How these Megatrends will affect your personal safety

Increasingly the world population will live in cities

According to the March 2011 Mc Kinsey study Urban World: Mapping the Economic Power of Cities, "We live in an urban world. Half of the world's population lives in cities.  Today 1.5 billion people or 22 percent of the world population live in 600 cities. By 2025, 25 percent of the global world population will live in 600 cities. In 2007 $ 30 trillion of GDP  was generated in these cities equivalent to more than half of the world GDP.  By 2025, $ 64 trillion of GDP or nearly 60% of world GDP will be generated in 600 cities. In 2007, 485 million households had an average per capita GDP of $20,000.  By 2025, 735 million households will live in these cities with an average per capita GDP of $32,000." For full article please access Source:




Increasingly there will be more vehicles on the road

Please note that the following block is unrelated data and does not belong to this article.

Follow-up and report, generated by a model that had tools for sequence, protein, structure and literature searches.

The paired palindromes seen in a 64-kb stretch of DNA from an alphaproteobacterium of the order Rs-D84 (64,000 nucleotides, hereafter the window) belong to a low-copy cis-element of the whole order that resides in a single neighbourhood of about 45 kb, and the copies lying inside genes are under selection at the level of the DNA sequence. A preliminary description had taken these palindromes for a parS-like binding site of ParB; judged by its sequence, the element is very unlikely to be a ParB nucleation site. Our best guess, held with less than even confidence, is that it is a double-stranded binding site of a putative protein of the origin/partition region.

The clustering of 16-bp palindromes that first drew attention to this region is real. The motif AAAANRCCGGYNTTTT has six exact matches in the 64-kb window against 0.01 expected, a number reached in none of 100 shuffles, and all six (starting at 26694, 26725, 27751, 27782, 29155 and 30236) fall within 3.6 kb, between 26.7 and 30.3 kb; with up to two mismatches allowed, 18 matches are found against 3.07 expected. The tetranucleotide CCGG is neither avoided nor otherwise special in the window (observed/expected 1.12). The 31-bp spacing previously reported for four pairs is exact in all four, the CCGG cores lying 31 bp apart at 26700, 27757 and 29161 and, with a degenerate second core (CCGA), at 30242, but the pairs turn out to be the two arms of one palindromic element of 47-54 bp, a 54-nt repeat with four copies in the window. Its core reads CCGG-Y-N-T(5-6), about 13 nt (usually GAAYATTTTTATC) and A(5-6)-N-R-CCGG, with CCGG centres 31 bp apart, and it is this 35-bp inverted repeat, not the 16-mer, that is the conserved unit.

By 2035, the number of vehicles on the road worldwide will double to 1.7 billion. That's the latest forecast from the International Energy Agency. For a full report please access


Increasingly engines need protection in city traffic

International Research has shown that 42% of drivers in city traffic experience increased level of stress.  Also your engine is subject to stress and your motor oil ages more quickly in city traffic. Research in Germany has shown that one out of every four cars on the road operates with motor oil which is not protecting the engine.  BIZOL Green Oil from Germany is the solution.


Increasingly traffic will have a negative effects on drivers' health

According to a September 2011 IBM Study Frustration Rising: IBM 2011 Commuters Pain Survey "a study of more than 8,000 drivers (approximately 400 per city), from 20 cities around the world from the world's top 65 in terms of size and economic activity:  Bangalore, Buonos Aires, Chicago, Johannesburg, London, Los Angeles, Madrid, Mexico City, Milan, Montreal, Moscow, Nairobi, New Dehli, New York City, Paris, Shenzhen, Singapore, Stockholm and Toronto.  The survey, among others, also looked at whether traffic had any subjective negative effects on respondents' health. 42% declared their stress level had increased; 35% reported more anger; 16% each, respiratory problems and less sleep; and 13% claimed to have been involved in some sort of traffic related accident".  Full study can be accessed at